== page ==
Semiconductor Equipment Sector Update

By: Gary Tanashian of

NFTRH 322 covered the usual range of markets, from US to global stocks to precious metals and commodities to currencies and indicators.  It also included an extended economic discussion about the realities of the strong US economy and its dangerous underpinnings.

The economic segment began with this look at the Semiconductor Equipment sector, which was our first indicator on economic strength exactly 2 years ago and will be an initial indicator on economic deceleration when the time is right.

Excerpted from the December 21 edition of Notes From the Rabbit Hole, NFTRH 322:

Checking the Semiconductor Book-to-Bill ratio (b2b), this all-important forward looker came in pretty decent for November.  Per the data we reviewed in an update last week, the bookings, which is the most important component, was pretty good at $1.22 Billion compared to October’s $1.1 Billion.

The graph from SEMI does not include the November data.  I added an arrow showing the current level of the b2b.


Our original graph is marked up as well to show the longer trend.  There is a spike up happening and this may or may not be related to an overall year-end sales spike in some high end capital equipment that happens like clockwork at the end of each year in Machine Tools (ref. sales graph below).  I do not have the level of knowledge about the Semiconductor Equipment industry to speak authoritatively about its more structural capital spending cycles.  So this is just a possibility to consider.


Here is the data once again from EDA Industry Insight that pretty much allows us to set our clocks by the year-end Machine Tool (capital equipment) sales figures, which are due to tax considerations by fence sitting buyers.  Machine Tools are so far doing exactly what we expected into year-end.

The bottom line on this exercise is that in order to forecast something negative for the economy (and hence the stock market, insofar as [the market] reflects the economy) we need to start seeing data degenerate in forward-looking items.  The year-end period is stable and the back-lookers like ‘Jobs’, GDP, etc. are just fine.  We will head into 2015 as always, watching what is happening, not what we project in our minds to be happening.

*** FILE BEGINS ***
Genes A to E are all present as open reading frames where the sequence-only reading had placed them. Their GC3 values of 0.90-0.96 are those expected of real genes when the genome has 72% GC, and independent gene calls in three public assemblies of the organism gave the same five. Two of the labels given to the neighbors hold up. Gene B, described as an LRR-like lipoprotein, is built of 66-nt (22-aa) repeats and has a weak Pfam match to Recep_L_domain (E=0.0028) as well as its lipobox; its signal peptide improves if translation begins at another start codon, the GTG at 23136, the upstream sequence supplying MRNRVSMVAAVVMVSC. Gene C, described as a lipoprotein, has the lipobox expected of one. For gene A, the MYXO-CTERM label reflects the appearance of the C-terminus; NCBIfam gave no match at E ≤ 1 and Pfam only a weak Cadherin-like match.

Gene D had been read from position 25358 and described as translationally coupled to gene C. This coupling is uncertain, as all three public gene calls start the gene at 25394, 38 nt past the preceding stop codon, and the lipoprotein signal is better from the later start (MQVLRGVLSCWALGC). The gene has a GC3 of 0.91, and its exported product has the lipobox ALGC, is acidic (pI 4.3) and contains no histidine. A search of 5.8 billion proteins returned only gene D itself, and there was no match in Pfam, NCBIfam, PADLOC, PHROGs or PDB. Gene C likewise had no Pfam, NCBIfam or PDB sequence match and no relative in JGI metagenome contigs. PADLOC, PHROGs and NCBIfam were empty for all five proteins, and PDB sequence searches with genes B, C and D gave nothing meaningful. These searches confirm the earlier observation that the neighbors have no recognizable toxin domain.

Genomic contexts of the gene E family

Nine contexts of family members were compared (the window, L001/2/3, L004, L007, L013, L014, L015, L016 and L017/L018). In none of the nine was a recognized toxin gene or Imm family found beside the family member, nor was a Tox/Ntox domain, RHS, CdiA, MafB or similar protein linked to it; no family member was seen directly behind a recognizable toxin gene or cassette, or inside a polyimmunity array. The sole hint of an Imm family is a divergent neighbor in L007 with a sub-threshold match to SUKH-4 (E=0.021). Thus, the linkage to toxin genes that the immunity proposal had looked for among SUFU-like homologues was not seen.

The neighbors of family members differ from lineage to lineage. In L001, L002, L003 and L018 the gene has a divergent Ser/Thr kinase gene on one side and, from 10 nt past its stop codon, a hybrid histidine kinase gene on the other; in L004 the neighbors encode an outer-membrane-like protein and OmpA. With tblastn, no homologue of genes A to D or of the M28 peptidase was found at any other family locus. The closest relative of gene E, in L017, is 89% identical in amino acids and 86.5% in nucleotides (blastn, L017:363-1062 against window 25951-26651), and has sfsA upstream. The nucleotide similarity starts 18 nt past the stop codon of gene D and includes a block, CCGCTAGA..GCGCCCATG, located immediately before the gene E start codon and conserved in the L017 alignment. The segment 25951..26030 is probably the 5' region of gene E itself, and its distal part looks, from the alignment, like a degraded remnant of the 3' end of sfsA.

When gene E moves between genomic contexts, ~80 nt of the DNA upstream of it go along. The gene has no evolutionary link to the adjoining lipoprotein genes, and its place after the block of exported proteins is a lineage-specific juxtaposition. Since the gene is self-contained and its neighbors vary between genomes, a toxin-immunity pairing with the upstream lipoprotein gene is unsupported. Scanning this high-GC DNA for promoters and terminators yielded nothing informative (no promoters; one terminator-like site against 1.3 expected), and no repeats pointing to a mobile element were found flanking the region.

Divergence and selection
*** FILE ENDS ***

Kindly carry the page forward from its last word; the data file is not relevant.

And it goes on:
As we close out 2014, a policy-stoked US economy is still humming along.

From an earlier segment in the report:

We should not discount the significance of the scary test of major support [by the SOX index] in October. That, along with the associated negative hype as Microchip Semi’s weak guidance* was broadcast far and wide, could actually end up being the fuel for a blow off scenario [1].

* As you know, media hype is a source of frustration for your letter writer because he tries to be honest and hype-free in taking on the responsibility of writing about markets and the economy for you.  That is why you endure me calling the ‘Fiscal Cliff’ drama from 2012 a Kabuki Dance, calling the Eric Sprott interview (Ebola may lift gold and silver prices!) in the Gold Report a disgrace… Cyprus, Greece, Ukraine… the media (and certain lazy analysis) get a hold of these things and try to use people’s emotions to promote viewpoints.

The latest example was when supposed Semiconductor bellwether Microchip Semi released unpleasant guidance and the market freaked out [and SOX tanked].  We called it hype at the time and what do you know?  Now they are out with a brightened outlook…

Global Semiconductor Outlook Brightens, Microchip Sees Sales Rebound 

Chief Executive Steve Sanghi said the company has seen an improvement in bookings and billings since October.  “We are now even more confident that the small correction that we experienced in the September quarter is behind us,” he said.

You just cannot make this stuff up.

[1] We are not predicting a stock market/Semi sector blow off, but  are open to its possibility.

Subscribe to NFTRH Premium for your 25-35 page weekly report, interim updates (including Key ETF charts) and NFTRH+ chart and trade ideas or the free eLetter for an introduction to our work. Or simply keep up to date with plenty of public content at and

2 thoughts on “Semiconductor Equipment Sector Update

Comments are closed.